With multiple species of termites responsible for structural damage in the U.S., rapid identification is a critical part of management efforts. A team of researchers has developed a faster ID method that uses a genetic tool called inter-simple sequence repeats.
In a colony of eastern subterranean termites, as many as 70,000 termites may die every day. Dealing with all those corpses is critical to colony health, and a new study reveals how the primary methods for termite undertakers—burying corpses or eating them—vary by caste.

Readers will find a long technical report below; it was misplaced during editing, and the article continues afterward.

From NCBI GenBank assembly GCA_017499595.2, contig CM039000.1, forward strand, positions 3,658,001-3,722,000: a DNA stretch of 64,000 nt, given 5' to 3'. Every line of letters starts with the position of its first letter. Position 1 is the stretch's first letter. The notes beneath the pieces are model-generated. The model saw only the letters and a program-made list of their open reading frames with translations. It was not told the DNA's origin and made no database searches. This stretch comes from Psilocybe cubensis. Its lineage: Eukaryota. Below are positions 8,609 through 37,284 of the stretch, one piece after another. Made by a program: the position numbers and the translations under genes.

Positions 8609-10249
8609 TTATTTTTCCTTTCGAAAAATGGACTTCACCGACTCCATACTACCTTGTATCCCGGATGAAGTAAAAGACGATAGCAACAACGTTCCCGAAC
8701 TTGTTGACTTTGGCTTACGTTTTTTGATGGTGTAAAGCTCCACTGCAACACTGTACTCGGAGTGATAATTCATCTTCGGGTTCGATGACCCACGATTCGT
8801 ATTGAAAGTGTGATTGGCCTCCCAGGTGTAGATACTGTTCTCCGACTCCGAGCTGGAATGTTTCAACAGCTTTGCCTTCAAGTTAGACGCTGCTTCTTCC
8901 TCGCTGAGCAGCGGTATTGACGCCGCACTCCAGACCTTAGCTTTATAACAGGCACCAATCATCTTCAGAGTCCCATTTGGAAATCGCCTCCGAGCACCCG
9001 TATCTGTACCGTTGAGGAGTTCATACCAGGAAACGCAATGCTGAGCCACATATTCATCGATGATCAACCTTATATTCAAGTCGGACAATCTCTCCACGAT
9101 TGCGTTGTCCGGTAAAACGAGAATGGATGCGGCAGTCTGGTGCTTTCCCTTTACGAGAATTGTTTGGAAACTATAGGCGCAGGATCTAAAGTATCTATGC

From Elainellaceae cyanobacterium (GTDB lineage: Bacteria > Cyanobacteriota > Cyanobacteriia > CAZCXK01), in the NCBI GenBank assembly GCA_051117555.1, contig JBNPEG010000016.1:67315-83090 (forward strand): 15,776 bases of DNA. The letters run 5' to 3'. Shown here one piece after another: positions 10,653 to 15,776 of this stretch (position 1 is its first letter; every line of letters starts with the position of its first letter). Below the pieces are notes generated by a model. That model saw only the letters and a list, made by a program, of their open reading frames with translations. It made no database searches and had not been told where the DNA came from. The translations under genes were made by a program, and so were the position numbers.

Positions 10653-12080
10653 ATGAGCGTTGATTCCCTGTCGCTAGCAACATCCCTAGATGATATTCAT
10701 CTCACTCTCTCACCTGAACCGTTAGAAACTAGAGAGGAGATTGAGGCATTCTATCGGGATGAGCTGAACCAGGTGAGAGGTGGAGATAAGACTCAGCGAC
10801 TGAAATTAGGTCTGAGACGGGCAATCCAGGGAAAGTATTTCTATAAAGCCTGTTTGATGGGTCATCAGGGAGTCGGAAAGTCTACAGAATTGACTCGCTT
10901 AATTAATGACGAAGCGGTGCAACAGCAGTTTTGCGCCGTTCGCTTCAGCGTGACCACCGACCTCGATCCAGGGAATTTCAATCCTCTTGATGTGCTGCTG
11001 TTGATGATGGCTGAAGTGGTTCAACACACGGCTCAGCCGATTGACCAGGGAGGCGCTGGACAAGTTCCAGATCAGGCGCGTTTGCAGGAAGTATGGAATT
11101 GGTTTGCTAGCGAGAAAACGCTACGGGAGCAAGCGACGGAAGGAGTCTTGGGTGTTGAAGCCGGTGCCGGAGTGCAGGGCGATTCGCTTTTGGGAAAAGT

By Richard Levine I’m in Columbus, Ohio for the annual meeting of the National Association of Science Writers (NASW), and during some down-time was able to visit the Entomology Department […]
Entomologists at the University of Florida recently published an article in the Annals of the Entomological Society of America that may help to explain the seasonal activities of termites. The […]